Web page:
|This many were left the next day.|
They were my father's designated birthday meal when I was growing up, and later they became the treat I took to Boys who were away at college. These little cabbage-filled bread packets freeze beautifully and my sons have reported that they go from freezer to breakfast in a microwaved 30 seconds. Also, they don't require cutlery or a plate so no dinnerware is dirtied in the eating of this meal, and that's pretty much a home run in college apartments.
Boy#2 has been home for a few days and asked me to teach him how to make bierocks. I've been sadly remiss in passing along what few culinary secrets I know, so today I'm going to share my most important kitchen secret, which is:
When I cook, I cheat.
In the kitchen I take every available shortcut, use every convenience, and avoid any actual work. So here's my recipe for Bierocks A La MomQueenbee.
First, start with an actual recipe from an actual reputable source. In the case of bierocks, this one.
Then where it has the first list of eight ingredients, and the first set of directions that involve measuring and checking milk temperature and waiting for the yeast to proof and mixing and kneading 10 minutes and letting the dough rise and punching it down and letting it rise again? Cross all of that out and buy a five-pack of frozen bread dough.
Then buy a three-pound package of hamburger. Do a double-take at the price. HAMBURGER COSTS $5 PER POUND, PEOPLE. HOW CAN THIS BE TRUE? While you are marveling at what the world is coming to, throw some pre-shredded cabbage in your shopping cart. Three pounds of this, too, and do not make the same mistake as I did in thinking each package was a pound. It may not be, and you will roll your eyes at your own slapdashedness when you have to do math and figure out how many ounces short of three pounds you have.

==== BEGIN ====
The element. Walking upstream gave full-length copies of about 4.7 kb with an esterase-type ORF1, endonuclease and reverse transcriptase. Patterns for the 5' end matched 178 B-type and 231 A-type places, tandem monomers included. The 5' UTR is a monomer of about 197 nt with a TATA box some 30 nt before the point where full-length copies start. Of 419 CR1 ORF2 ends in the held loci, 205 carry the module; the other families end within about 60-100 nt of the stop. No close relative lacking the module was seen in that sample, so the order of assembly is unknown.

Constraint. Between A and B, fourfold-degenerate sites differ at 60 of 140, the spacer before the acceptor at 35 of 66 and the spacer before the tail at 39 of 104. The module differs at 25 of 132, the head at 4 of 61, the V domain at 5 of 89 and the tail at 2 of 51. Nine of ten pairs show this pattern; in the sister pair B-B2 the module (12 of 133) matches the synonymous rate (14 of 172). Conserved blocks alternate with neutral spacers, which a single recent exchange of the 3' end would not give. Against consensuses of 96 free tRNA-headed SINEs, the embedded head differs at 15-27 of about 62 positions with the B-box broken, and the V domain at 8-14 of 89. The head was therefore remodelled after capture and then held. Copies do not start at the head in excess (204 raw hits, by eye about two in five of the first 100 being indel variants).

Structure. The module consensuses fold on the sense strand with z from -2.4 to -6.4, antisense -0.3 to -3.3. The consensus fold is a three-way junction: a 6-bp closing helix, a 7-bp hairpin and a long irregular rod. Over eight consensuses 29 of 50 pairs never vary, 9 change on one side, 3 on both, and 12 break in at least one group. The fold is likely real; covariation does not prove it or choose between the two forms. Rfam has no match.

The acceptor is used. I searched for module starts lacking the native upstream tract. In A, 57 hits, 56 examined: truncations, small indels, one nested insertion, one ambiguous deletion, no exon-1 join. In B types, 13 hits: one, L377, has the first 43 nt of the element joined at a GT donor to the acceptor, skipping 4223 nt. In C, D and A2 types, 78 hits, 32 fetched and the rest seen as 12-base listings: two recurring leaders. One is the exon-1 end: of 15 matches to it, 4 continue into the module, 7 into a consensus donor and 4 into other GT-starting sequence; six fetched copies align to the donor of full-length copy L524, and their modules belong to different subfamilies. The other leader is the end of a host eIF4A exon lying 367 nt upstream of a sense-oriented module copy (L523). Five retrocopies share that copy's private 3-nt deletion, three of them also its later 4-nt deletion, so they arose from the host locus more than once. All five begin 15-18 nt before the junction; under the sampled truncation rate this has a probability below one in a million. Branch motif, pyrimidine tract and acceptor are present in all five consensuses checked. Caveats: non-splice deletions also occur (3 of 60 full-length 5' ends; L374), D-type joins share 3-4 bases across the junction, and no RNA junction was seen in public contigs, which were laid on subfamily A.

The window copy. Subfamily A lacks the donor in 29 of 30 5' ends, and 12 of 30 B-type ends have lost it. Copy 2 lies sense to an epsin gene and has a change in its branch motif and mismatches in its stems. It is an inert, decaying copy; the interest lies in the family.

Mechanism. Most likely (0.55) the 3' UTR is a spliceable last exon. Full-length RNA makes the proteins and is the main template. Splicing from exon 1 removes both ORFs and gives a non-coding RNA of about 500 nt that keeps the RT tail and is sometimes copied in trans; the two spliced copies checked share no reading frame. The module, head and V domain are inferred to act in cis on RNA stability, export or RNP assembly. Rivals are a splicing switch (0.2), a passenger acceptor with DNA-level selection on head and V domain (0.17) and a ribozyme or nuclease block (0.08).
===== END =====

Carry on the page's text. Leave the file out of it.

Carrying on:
Then put a couple of inches of water in the bottom of the biggest saucepan you have and bring that water to a boil. Dump in the cabbage. (Yes, all three pounds. That's why I wanted you using the biggest saucepan you have.) Put a lid on it and let it steam for a couple of minutes. Take it off the heat before the water all boils away; the smell of burning cabbage is unpleasant.
Okay, this recipe is getting longer than Sunday's sermon (which, wow) so I'm going to condense and abridge:
1. Roll one of slabs of bread dough into a 10"x 20" rectangle. It will look more like an amoeba than a rectangle because bread dough is stretchy, but that's okay. Use a pizza cutter to cut it into five-inch squares. (One long cut down from short end to short end, half and half again from long side to long side. Math WORKS, people.)
2. Use your medium sized ice cream scoop to put plops of the
3. Put a dozen or so of these little bundles on a parchment-lined baking pan, then bake at 375 degrees for 30 minutes. Repeat repeat repeat until you are out of dough or filling and all are baked.
4. Eat. Or freeze. Or give away. Whatever. They're yours.
And this is why I'm not a food blogger. I have totally run out of oomph toward the end of this recipe, and this was the simplified version. It's a good thing I cheat or the recipe might have gone on forever.
But the bierocks? They won't last that long.